Monday, March 22, 2010

Presented Without Comment

The question arises: What next? How will the health-care landscape evolve on the heels of Obamacare’s passage? Economic forces provide some clues.

The insurance market will begin to shake up almost immediately, as health-care plans jockey for advantage in advance of the legislation’s full implementation. Insurers will begin pulling out of the individual market, and they will aggressively hike premiums in the small-group market. These consequences are the market’s response to the bill’s new regulations, which effectively prevent insurers from underwriting risk. Insurers are forced to take all comers and, in many cases, they will decide that certain business lines are no longer profitable.

The net result is that two years from now we will likely be looking at an insurance market that has become worse, not better, with premiums higher and more Americans joining the rolls of the uninsured.

Longer term, insurers will begin to consolidate into a handful of very large national carriers backed up by small, state-based plans that try to attract consumers using regional appeal. Health insurance will become a commodity product, one that offers little consumer choice and with benefits that are mostly defined by regulations issued in Washington. Doctors will begin to consolidate their practices into larger groups, or sell their offices to hospitals or large medical chains. That is how physicians will gain leverage on health-insurance plans and take advantage of new reimbursement rules created under the legislation’s Medicare reform.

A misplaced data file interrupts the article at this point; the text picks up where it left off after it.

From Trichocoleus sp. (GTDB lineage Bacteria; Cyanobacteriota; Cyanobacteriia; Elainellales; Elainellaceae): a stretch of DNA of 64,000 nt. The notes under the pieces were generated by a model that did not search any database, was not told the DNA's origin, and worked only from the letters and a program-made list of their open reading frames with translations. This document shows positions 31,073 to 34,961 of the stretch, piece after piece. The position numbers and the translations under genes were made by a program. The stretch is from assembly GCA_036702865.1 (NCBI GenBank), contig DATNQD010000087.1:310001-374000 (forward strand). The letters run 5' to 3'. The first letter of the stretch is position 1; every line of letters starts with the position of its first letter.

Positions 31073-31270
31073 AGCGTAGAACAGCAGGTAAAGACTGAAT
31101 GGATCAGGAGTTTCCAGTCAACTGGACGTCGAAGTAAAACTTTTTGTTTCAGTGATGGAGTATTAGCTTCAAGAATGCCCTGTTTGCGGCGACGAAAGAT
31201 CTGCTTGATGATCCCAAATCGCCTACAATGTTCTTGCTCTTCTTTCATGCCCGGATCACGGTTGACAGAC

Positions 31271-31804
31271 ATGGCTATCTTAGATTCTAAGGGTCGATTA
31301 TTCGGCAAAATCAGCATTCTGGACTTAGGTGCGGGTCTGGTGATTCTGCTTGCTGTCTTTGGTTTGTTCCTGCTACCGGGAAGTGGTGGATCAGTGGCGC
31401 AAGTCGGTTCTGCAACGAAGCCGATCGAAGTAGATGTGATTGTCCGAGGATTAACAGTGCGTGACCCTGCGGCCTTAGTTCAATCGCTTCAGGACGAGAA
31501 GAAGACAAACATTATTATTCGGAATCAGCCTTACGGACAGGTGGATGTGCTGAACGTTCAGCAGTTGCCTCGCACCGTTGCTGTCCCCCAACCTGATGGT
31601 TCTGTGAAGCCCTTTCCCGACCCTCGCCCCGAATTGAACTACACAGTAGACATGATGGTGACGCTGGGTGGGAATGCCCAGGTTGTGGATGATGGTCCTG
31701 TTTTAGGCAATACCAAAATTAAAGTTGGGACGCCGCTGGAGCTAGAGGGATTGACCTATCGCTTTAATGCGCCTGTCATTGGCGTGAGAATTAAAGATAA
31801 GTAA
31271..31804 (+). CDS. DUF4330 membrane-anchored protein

In the end, there will be only two places for consumers to get health coverage — through a large employer (most likely a union plan) or through the new state-based exchanges. Many large employers with a preponderance of middle-wage employees will move their workers into the exchanges, since the subsidies are richer than the tax exclusion they get through worker-provided coverage. Only employers with sticky union contracts, or those that employ a lot of high-wage workers (e.g., Goldman Sachs) will continue to offer workplace coverage.

Eventually, the federally regulated exchanges will be the only game in town. That was the idea behind Obamacare from the start.

— Scott Gottlieb, a practicing physician, is a resident fellow at the American Enterprise Institute.